Got More Love and Logic® Questions?

New!  Register for Becoming a Love and Logic Parent® Refresher Classes for families who have completed the Becoming a Love and Logic Parent® workshop or private sessions!  Sign up for this refresher class and bring your questions.  We will cover the most common pitfalls and share techniques that will help you stay calm through even the toughest parenting challenges!

Dates:  Monday, May 2nd  7:00-8:30 pm  OR  Friday. May 6th  9:30-11:00 am

Held at the Levine-Sklut Library, located at 5007 Providence Road, Charlotte, NC  at Shalom Park.

TO REGISTER:  Call Jewish Family Services at (704) 364-6594.  Cost is $15 per family.


Handling Disrespect

This week has been interesting. My 8 year old daughter wrote a very disrespectful note to her brother and had been running off at the mouth as well. It bothered both her father and I tremendously. We didn't really know what to do so....we DELAYED the CONSEQUENCES and said "This stinks. (notice the empathy) Your note really upset us and we'll have to figure out what to do about it. Try not to worry."

Parents, you can delay the consequences with kids beginning around age three.  Think they won’t remember their naughty behavior?  Think again!  What happens when you promise them ice cream and forget to deliver?

Well, we really didn't have a great idea at our immediate disposal. But I was paying attention and looking for the right moment. It presented itself like this: My daughter went grocery shopping with me and wanted to pick out some loaded sugar cookies, you know the ones, with the icing, sprinkles, etc. They were pink...perfect!

We took them home and of course the kids wanted them for dessert that evening. I looked at her and said, "Oh, this is so sad. When sweet things come out of your mouth, sweet things can go in." I had heard that line on one of my Love and Logic® CD’s and decided it fit perfectly!

Oh don't worry, she had a fit. She tried to open the cookies and take one. I looked at her and said, "Oh, I'd hate to see what happens if you try that. Man, it would probably be bad." She stomped away, defeated and wound up crying for about 1/2 an hour in her room. It wasn't fun, but I had a plan, kept my cool and followed through with the consequences. So far, she has been much more respectful. I'll let you know if that lasts...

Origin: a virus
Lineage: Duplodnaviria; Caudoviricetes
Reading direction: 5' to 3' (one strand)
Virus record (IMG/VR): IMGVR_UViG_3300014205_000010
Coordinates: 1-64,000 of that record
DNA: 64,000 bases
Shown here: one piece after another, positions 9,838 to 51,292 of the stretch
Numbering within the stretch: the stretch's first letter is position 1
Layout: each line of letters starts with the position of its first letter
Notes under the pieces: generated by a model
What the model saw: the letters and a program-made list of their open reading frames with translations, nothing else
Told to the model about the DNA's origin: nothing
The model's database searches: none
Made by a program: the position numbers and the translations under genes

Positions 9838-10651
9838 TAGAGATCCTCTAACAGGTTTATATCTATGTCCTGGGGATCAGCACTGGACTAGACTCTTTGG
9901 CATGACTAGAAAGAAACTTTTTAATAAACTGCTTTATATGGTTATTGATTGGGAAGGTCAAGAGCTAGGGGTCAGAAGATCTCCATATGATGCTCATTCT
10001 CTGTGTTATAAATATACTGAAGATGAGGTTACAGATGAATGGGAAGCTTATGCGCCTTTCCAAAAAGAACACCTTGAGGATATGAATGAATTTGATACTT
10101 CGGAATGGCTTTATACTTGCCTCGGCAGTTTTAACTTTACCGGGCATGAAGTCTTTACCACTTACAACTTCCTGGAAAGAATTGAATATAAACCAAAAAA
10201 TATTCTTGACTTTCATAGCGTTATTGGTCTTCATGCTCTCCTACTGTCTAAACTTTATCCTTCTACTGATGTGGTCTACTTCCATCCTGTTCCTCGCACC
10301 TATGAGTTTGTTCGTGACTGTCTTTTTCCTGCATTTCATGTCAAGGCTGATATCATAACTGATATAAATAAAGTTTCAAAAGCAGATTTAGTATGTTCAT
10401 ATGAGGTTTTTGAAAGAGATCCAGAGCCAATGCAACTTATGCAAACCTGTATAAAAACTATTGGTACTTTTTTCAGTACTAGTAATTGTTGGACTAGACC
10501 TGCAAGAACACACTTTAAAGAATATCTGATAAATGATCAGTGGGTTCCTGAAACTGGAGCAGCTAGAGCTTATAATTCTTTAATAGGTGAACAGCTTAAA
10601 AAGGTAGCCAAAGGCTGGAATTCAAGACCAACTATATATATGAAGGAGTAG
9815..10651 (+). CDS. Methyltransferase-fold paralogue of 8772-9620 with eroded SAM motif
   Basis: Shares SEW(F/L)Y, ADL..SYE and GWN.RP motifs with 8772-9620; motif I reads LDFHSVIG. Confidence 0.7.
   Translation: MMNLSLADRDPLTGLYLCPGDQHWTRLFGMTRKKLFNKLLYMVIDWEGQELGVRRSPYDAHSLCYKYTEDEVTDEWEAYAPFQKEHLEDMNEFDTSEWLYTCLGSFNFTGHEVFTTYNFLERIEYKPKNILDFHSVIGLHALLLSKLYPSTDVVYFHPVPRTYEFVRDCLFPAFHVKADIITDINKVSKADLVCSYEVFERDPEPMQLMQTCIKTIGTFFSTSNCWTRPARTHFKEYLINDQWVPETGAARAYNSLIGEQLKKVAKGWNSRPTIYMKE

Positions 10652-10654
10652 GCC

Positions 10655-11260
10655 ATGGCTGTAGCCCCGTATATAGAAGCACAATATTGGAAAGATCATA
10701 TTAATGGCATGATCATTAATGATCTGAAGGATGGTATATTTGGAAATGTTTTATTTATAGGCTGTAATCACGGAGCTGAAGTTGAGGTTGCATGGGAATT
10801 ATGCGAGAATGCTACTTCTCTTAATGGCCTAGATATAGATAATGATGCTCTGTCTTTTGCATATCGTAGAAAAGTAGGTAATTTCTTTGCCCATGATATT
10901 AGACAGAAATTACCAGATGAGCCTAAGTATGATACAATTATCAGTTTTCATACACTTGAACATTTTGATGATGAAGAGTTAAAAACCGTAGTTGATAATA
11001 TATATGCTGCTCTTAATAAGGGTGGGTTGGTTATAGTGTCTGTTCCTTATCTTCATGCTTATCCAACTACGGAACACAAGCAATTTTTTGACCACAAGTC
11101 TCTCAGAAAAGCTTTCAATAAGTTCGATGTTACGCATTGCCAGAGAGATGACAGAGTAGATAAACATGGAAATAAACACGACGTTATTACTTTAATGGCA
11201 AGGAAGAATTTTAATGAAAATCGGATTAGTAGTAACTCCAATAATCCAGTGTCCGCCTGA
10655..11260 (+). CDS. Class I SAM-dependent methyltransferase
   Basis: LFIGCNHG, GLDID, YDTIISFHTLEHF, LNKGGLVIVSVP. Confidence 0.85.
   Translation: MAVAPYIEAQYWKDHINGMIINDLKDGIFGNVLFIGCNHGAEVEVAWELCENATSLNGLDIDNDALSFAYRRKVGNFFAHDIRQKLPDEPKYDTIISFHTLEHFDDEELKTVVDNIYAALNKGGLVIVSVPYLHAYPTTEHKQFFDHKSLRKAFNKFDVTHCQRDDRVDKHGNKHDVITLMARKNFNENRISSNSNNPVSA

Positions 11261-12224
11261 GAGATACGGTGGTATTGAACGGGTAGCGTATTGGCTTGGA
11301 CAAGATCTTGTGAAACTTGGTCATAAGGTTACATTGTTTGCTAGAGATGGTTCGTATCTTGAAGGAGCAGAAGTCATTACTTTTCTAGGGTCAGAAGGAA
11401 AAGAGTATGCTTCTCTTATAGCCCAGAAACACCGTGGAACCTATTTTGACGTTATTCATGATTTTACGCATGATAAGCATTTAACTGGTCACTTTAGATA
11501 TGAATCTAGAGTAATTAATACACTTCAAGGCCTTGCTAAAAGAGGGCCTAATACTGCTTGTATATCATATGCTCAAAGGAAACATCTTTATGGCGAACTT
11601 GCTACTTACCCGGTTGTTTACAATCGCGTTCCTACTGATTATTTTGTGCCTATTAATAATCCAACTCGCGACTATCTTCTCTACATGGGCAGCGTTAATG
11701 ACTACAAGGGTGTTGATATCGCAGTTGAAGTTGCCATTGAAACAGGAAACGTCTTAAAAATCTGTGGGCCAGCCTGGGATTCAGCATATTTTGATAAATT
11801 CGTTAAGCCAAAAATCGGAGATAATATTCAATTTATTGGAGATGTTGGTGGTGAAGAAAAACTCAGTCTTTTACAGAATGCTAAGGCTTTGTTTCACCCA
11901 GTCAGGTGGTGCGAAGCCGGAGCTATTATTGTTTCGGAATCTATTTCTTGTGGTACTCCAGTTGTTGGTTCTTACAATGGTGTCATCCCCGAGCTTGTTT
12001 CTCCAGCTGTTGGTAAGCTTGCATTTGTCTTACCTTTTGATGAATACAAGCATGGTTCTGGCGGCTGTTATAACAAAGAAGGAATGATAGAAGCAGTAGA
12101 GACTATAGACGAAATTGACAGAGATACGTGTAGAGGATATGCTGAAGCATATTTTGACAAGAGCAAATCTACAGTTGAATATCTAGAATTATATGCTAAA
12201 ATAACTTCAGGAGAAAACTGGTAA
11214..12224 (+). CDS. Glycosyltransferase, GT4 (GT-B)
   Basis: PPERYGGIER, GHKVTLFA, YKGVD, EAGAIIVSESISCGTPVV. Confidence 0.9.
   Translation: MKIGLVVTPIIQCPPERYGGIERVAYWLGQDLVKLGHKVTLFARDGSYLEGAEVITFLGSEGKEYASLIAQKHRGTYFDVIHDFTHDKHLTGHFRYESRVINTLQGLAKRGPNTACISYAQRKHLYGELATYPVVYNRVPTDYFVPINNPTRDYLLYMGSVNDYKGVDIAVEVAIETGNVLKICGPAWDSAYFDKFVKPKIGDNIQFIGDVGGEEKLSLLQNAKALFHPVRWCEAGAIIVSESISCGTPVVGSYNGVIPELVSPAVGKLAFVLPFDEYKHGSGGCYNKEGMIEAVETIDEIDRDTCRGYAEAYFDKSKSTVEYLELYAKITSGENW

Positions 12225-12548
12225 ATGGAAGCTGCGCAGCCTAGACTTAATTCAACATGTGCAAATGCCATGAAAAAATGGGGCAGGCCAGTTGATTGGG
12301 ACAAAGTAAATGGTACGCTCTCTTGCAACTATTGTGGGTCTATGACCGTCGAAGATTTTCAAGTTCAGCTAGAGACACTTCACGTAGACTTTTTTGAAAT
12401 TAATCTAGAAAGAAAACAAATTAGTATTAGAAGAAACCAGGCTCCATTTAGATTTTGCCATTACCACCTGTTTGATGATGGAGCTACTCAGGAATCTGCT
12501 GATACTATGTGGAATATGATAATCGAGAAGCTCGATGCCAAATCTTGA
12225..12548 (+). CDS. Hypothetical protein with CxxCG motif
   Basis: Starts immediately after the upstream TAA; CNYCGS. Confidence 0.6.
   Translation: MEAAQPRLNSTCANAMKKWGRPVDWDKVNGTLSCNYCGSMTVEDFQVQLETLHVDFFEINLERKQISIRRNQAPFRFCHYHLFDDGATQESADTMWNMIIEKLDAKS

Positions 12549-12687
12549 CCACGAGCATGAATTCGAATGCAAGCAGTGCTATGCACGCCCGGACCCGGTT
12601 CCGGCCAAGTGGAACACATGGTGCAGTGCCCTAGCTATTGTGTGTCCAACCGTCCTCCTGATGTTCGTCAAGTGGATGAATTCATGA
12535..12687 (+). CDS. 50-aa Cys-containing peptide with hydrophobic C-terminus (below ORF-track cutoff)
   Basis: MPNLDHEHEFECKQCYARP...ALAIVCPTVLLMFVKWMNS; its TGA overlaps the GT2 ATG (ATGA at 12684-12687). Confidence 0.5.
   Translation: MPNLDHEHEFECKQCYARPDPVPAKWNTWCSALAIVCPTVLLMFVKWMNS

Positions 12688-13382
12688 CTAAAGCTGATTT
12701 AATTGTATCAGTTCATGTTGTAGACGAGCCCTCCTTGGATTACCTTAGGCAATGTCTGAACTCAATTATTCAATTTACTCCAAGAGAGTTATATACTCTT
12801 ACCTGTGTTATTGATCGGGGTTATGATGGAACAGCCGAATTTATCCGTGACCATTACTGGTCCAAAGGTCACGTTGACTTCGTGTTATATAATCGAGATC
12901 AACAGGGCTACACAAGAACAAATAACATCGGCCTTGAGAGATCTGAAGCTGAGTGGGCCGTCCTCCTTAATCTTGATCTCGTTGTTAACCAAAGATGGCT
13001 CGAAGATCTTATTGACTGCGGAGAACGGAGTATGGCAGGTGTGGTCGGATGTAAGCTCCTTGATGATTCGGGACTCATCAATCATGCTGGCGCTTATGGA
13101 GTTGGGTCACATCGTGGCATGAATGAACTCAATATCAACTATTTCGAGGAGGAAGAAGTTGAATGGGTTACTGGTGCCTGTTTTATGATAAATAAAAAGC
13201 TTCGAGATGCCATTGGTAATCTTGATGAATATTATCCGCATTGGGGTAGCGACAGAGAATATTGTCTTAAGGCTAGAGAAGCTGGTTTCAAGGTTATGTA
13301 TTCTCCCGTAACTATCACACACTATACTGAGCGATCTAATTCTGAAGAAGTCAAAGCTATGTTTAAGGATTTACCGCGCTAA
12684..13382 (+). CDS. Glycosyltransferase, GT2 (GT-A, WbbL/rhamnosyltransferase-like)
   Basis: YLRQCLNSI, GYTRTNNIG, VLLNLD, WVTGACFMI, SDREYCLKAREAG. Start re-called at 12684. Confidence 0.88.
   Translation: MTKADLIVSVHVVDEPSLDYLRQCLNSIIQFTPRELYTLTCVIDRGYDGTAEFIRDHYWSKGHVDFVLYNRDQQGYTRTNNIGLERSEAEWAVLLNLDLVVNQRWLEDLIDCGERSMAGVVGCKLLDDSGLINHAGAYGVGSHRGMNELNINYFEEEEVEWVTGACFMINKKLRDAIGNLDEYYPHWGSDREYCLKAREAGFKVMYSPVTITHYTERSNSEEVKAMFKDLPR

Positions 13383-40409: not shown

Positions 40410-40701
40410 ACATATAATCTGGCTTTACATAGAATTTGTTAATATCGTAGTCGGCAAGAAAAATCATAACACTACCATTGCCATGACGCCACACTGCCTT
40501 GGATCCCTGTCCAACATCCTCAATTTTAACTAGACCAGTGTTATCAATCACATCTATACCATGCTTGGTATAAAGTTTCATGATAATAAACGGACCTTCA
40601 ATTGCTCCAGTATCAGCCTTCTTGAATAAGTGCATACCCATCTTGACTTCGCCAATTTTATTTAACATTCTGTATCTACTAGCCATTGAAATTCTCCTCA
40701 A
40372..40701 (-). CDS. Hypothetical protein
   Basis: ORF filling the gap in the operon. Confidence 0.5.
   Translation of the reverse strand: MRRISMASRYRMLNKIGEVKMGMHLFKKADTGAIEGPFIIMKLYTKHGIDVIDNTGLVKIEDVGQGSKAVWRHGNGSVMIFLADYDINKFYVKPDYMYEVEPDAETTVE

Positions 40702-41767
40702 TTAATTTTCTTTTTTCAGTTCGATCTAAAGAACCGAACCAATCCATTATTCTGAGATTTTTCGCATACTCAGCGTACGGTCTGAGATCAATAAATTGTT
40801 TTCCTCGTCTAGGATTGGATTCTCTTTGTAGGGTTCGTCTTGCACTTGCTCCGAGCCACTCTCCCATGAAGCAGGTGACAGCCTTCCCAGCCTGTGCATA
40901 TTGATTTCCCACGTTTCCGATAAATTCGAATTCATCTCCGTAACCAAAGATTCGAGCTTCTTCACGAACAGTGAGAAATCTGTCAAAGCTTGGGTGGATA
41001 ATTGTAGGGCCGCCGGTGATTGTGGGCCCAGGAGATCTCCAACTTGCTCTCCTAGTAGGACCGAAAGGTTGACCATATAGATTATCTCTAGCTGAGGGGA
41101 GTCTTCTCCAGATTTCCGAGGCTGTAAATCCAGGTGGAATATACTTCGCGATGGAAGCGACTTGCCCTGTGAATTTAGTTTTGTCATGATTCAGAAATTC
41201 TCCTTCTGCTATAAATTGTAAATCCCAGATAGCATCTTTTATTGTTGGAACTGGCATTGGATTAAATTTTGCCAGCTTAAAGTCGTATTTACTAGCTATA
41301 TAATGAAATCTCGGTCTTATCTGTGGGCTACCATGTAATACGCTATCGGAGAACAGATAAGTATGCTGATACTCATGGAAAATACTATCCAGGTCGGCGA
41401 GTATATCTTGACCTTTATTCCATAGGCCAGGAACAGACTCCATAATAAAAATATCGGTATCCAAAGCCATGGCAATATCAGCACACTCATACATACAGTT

Sign up for an upcoming workshop

Held at the Levine-Sklut Library, located at 5007 Providence Road, Charlotte, NC  at Shalom Park.

Early Childhood classes

Tuesday mornings May 3, 10, 17 and 24  9:30-11:30

Tuesday nights  May 3, 10, 17 and 24 7-9 pm

[button link="" color="green"]Click here to register[/button]


Published in South Charlotte Macaroni Kid February, 2011




No More Arguments!

Have your kids learned the fine art of how to get you to argue with them?  If they are worth their salt, then they probably have! When your kids are looking for an argument, remember this quick little tip...Don't Engage and Don't Argue with the Ridiculous! Learn how to neutralize your child's arguing by using a Love and Logic® one-liner like, "I love you too much to argue." or "Not an option." Remember to keep your cool because most children only argue about RIDICULOUS things!  Repeat the same one-liner over and over if you need to. If your child won't stop trying to engage you in an argument, change your location and use this line, "Hey sweetie, come find me when your voice is as calm as mine and you have something fun to talk about." This is a great way to show your kids that you can handle them without breaking a sweat!

For more information about Love and Logic check out .  For a full listing of upcoming workshops in Charlotte click on

Published In South Charlotte Macaroni Kid October 7, 2010.

Dinner Is Served

My 16 year old daughter Brit could never seem to make it to the table for family dinner. After attending the third class of the Love and Logic Workshop for Teens I got a great idea and decided to experiment. There she was, as usual, in her room talking on her cell-phone with the boyfriend. I said, “Dinner is served for the next twenty minutes. Feel free to join us.” I had made one of Brit’s favorite meals, knowing that she would be disappointed if she didn’t get to eat it. And, as usual Brit, came to the dinner table about a half hour later. Dinner was cleaned up. The leftovers were put into a fridge that has a lock on it. I told her, “You are welcome to make a sandwich or join us for breakfast in the morning”. She flipped-out. But she was at the dinner on-time the very next night and hasn’t been late since!!

Submitted by J.B., Brit’s Mom and a Graduate of Becoming a Love and Logic Parent for Teens

-Charlotte, NC

One Parent's Journey

A Love and Logic® Workshop Review

written by Sharla Collins

Love and Logic® Workshop Graduate and mom to 3 year old Jackson

- Charlotte, NC

When things started to really seem tough (I got to the point where I really thought I should just never take J out in public with any kind of expectations for a positive experience…and yes, sobbing was involved.), my friend finally convinced me that I needed to try the workshop.  She assured me that I would find benefits with the approach and techniques that were taught, and the “group therapy”-like setting would help to bring some comfort during these trying terrible twos.